I tended to make that, or chili, or a sort of “food that was on sale stir-fry” thing together with a great big batch of rice, and eat it for lunch and dinner over an entire week. I also had a couple of pasta things that could be padded out to a week’s worth of food (and at 6’6″, 270-ish, I go through a lot of food in a week…).

  • http://www.irrationalpoint.blogspot.com Quibbler

    It almost pains me to hear some of these stories. I eat well and cheaply at university. The recipe i linked to in my post (number 17) is one of my current favourites — there’s nothing like harisa to warm you up in January. It’s not for people who can’t handle spice though.

    Other standard fare includes steamed or stir-fried veg with pasta, chicken and veg and rice, home-baked bread, lentils, or risotto (which is a brilliant plan for students — it’s cheap, easy to cook, doesn’t require that much in the way of ingredients, yet is so filling and much more interesting than plain rice).

    –Q.

  • http://blogs.discovermagazine.com/cosmicvariance/joanne/ JoAnne

    fh: I am stuck on frozen pizzas to this day, actually they were too expensive for me as a grad student, but I eat them in large quantities now! In fact, I just had one tonight – a CPK (CA Pizza Kitchens) portobello mushroom pizza which I embellished with proscuitto, goat cheese, and fresh tomatoes. Yum! I’m a sucker for pizza…

  • robert

    Good to hear that pig’s feet are still sustaining post graduates. Many years ago, the good wife and I would purchase a foot or two from the local butcher. Boiled up, this provided meat and jelly sufficient to make pork pies (this is the UK after all) that sustained us for days. And what did we drink? A bizarre brew made by boiling up dandelion roots and lemons, adding sugar and fermenting. Excellent , though the bottles did tend to explode in the summer.

  • Sam Gralla

    Harv,

    Wow–I’ve got to find me a gourmet chef to live with!

    -Sam

  • Astro Grad

    I feel amazed that no one mentioned frozen dinners or cans of soup! A guy in my class didn’d even have cutlery or plates, he just heated the stuff in the microwave and ate it with plastic spoons. I on the other hand, definitely had utensils but ate frozen meals 10 meals out of 14. The other 4 meals I would do some cooking but very basic stuff, like fried rice & some veggies.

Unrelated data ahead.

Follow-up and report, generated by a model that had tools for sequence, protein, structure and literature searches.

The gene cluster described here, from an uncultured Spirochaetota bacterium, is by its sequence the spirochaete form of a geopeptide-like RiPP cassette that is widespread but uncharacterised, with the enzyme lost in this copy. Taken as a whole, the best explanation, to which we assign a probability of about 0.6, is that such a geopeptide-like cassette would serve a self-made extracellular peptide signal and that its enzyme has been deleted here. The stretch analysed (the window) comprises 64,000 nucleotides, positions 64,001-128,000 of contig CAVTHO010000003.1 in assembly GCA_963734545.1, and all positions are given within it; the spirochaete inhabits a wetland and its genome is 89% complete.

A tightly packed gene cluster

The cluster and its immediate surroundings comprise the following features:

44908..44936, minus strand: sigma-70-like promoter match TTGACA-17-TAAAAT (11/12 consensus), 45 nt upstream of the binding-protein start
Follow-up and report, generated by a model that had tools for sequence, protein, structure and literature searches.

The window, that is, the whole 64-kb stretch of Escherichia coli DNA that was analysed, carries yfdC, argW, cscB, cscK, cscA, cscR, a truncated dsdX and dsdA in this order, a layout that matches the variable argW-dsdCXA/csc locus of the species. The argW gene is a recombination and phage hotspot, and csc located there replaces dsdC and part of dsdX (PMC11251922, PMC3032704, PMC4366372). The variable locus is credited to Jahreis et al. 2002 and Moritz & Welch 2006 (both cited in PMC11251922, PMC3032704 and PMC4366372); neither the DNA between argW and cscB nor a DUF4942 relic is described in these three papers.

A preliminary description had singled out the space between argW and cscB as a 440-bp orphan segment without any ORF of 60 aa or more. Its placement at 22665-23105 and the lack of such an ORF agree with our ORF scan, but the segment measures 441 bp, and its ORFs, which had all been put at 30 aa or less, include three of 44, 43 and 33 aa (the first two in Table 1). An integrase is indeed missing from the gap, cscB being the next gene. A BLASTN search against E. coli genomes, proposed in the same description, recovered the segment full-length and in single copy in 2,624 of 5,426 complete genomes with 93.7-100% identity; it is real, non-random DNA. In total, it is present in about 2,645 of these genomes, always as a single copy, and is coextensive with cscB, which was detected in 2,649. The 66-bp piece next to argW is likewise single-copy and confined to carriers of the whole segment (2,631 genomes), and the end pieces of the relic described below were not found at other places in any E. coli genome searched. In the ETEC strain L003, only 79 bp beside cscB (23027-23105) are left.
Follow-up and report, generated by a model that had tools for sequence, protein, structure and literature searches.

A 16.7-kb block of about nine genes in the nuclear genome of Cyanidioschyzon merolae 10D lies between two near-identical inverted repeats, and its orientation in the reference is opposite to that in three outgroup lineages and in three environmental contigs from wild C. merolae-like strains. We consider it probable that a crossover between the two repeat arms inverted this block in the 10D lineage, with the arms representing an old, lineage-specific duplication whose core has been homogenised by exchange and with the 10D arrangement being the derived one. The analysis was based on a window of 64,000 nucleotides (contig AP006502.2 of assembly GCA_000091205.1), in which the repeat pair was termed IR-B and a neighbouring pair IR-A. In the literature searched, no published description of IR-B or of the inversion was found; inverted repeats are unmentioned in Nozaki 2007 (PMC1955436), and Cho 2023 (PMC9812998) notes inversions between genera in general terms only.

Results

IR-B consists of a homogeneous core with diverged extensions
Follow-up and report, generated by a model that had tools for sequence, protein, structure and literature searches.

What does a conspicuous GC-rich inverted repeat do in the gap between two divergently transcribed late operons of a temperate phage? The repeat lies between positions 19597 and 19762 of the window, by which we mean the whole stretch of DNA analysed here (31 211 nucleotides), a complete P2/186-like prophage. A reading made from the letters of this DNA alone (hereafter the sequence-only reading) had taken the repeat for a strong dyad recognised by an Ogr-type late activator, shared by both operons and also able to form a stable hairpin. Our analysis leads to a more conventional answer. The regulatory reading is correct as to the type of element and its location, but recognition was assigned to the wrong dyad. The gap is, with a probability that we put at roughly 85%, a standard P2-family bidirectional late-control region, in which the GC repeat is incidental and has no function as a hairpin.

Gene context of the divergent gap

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  • Bob

    I eat one raw bell pepper with each meal along with one jalapeno. I even sneak them with into restaurants, cut up nicely in a zip loc. Being a celiac, pizza is out of the question along with any bread whatsoever. Yet, from what I am reading here in these posts does appear to fit what most grad students do throw done their gut…Pizza wins by a mile.

  • Harv

    Sam, I do recommend it, though my fiance is only a gourmet chef on the side – he’s a theoretical astrophysicist by day. :)

  • Paul

    There’s a persistent myth at Stanford about an unfortunate (stupid?) grad student who ended up in the hospital with a bizarre smattering of bruises and rashes covering his entire body. At first the young doctors were unable to diagnose the illness, so they called on a more experienced clinician. After some thought, the wise old doctor asked the grad student what his typical day was like, specifically what he ate for breakfast, lunch, and dinner. “Hot dogs,” the student replied. “For which meal?” the doctor asked. “All of them.” According to legend, this was the first diagnosed case of scurvy (vitamin-C deficiency) in the history of Stanford Hospital. The treatment: “Go home and eat an orange.”